He began to understand that a wronged woman could tear open the doors of heaven and cause angels to rain down. These heads wrapped in black, these women prostrating fervently around him, they confirmed his suspicion that women’s tears were a dangerous thing, and that to women faith was a dough they baked into bread for food, warmth, and control over their husbands. By feeding her man, she gets her claws into him.
Aisha and Azza are both under consideration as the victim because both women disappeared on the day the body was found. In contrast to Aisha, Azza only exists in the memories of those who knew her. She is described as a quiet girl who spends most of her time drawing. She is depicted as manipulative in Yusuf’s diary, perhaps because his love for her is unrequited. She is someone Aisha envies because she is seemingly so detached from life, flitting from moment to moment.
Her father, the shop keeper Sheikh Muzahim, rents the top floor of his building to Yusuf’s mother, Halima. Halima took on responsibility for Azza’s upbringing when her mother died. This is what brings Yusuf and Azza together, and is the basis for Yusuf’s obsession.
Yusuf’s obsession with Azza is shared by an older man, Khalil. In the present of the book, Khalil is a nihilistic, crazed taxi driver who dresses as a Saudi prince and tries to scare the living shit out of his passengers for a laugh. I enjoyed his character very much. He’s the son of a rich man, a former airline pilot down on his luck, a provocateur, a drug user, a man who doesn’t care about consequences. He’s horrible, but there are reasons for his horridness.
There are other characters that the Lane of Many Heads talks about, seemingly as a means of sending Detective Nasser down blind alleys of investigation. The alley claims to want the detective to have a full picture of life along it and a history of how things came to be the way they are in the present of the book, but nothing the alley describes adds any clarity to proceedings. In some ways, it’s the ultimate shaggy dog story.
The second part of the book swings the story around. It consolidates a lot of the mysteries from part one, focusing on Yusuf, Khalid and a woman called Nora who is living in Madrid, the semi-captive of a Sheikh. Nora’s story is about freedom, compromise and belonging. She wishes to be free but recognises that freedom only comes through being complicitly subjugated to the Sheikh. Things have moved on in Mecca. Detective Nasser is still hoping to crack the case, but the nature of the case has changed in ways he can’t see. The case is now about keys and doors and an ancient quest that goes back to Solomon and Bilqis. It’s mystical and it made my head swim with its dreamlike intensity.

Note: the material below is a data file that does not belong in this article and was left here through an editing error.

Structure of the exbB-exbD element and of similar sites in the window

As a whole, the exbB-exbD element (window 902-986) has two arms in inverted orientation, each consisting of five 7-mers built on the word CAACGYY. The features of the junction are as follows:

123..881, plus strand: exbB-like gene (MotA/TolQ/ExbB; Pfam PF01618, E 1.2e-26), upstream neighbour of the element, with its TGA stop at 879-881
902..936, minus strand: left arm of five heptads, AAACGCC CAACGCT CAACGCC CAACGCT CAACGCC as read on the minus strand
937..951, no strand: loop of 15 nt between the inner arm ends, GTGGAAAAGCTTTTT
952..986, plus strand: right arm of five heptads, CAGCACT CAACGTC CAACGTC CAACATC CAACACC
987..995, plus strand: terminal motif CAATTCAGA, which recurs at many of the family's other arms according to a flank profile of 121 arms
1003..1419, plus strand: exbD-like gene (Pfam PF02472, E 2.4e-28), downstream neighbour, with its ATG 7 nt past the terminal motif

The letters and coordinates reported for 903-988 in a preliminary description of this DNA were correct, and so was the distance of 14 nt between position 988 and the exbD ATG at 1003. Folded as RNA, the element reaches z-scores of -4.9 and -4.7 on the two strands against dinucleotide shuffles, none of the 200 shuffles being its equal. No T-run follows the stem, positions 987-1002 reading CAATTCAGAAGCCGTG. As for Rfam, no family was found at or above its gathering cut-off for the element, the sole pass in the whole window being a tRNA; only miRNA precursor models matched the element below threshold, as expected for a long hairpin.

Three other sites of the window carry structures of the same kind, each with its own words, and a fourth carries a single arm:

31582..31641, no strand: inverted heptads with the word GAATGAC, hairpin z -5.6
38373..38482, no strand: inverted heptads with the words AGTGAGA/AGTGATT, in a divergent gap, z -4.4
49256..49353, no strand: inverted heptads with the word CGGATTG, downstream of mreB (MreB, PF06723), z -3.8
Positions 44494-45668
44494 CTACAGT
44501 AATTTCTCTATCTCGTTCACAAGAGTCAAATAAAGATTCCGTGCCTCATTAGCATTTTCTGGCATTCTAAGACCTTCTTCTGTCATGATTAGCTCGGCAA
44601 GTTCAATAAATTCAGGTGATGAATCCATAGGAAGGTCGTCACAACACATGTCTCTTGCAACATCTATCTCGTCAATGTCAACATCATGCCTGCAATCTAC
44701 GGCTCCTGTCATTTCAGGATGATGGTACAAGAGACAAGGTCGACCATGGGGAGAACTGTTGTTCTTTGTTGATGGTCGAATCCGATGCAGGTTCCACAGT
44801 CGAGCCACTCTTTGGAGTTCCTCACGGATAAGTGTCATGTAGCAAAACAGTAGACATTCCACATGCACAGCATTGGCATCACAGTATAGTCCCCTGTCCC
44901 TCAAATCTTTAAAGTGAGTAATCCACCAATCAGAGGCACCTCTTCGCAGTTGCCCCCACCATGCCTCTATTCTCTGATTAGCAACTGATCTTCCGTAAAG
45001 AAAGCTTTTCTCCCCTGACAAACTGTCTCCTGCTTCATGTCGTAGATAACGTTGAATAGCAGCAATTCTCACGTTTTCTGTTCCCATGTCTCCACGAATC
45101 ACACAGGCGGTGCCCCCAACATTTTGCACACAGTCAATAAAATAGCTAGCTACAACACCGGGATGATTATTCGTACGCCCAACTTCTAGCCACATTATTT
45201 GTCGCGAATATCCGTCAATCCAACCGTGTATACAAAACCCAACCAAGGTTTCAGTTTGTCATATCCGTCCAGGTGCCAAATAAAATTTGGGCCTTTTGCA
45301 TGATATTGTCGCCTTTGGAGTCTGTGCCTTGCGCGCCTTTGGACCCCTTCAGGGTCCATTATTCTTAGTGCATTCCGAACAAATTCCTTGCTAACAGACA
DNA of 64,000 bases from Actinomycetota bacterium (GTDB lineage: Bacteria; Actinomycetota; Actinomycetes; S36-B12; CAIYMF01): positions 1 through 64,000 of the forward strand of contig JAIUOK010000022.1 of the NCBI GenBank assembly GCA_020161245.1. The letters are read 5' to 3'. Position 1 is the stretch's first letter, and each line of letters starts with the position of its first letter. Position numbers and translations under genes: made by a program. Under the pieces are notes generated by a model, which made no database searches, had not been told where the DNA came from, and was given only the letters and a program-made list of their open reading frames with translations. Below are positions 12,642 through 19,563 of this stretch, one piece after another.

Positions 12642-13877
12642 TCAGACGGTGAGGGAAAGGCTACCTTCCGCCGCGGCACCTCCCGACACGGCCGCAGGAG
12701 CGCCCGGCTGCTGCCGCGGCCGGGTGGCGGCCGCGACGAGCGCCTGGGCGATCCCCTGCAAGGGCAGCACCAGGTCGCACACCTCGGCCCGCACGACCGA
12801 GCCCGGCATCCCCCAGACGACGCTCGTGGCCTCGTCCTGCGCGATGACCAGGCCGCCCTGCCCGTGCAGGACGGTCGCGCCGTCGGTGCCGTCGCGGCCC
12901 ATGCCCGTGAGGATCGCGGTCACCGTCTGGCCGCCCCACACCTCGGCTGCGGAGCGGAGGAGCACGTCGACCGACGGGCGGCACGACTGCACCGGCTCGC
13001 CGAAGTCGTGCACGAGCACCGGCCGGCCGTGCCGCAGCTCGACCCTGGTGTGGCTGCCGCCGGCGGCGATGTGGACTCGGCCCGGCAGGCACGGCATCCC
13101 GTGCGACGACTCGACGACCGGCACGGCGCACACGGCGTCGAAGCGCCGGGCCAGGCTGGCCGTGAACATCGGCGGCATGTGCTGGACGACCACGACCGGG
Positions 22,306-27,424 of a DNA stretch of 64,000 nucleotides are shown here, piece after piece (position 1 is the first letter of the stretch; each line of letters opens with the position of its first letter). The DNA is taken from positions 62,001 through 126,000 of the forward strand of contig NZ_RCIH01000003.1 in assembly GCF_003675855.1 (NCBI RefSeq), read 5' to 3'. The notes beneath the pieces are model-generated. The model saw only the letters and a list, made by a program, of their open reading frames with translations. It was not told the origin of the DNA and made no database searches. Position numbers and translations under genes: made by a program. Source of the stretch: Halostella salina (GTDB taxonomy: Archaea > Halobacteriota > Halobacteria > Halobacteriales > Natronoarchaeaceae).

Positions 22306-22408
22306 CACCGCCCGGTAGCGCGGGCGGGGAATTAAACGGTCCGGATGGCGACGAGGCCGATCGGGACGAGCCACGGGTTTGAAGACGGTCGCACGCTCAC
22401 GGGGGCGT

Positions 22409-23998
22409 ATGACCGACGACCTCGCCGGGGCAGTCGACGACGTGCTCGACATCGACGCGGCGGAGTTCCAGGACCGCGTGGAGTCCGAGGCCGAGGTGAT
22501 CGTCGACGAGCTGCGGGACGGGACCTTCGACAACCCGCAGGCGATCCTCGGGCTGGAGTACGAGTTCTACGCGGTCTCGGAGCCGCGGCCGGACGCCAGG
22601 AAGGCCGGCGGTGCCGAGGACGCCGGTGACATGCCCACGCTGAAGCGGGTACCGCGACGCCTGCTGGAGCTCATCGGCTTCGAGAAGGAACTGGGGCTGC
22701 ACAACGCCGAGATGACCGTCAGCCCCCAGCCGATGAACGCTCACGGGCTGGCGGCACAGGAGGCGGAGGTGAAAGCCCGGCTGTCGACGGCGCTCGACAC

Raja Alem is the first woman to win the International Prize for Arabic Fiction. I hadn’t heard of her. My husband bought me the book after hearing her interviewed on the radio. He thought I would find the novel interesting, and he was right.
I found it compelling, but it took me a while to read. Longer than a novel of 474 pages normally would. I had to keep stopping to rest my brain, which wanted to make linear sense of what was going on, at the same time as knowing it didn’t stand a chance of achieving that aim. I also needed time to mull over what I had read, and look up things with which I was unfamiliar. The further in I got, the more I realised that The Dove’s Necklace is a labyrinth of a book, with multiple layers of story winding around that central event but never quite reaching it. At times it felt as though I could see over the wall and glimpse the middle of the story, only for another corner to throw me off direction again. If you only like your novels to have concrete conclusions, it’s probably best avoided. If, like me, you also enjoy novels that are more about the experience of the telling of a story than a clear story arc, and you don’t mind feeling utterly bewildered for most of the trip, then I heartily recommend it.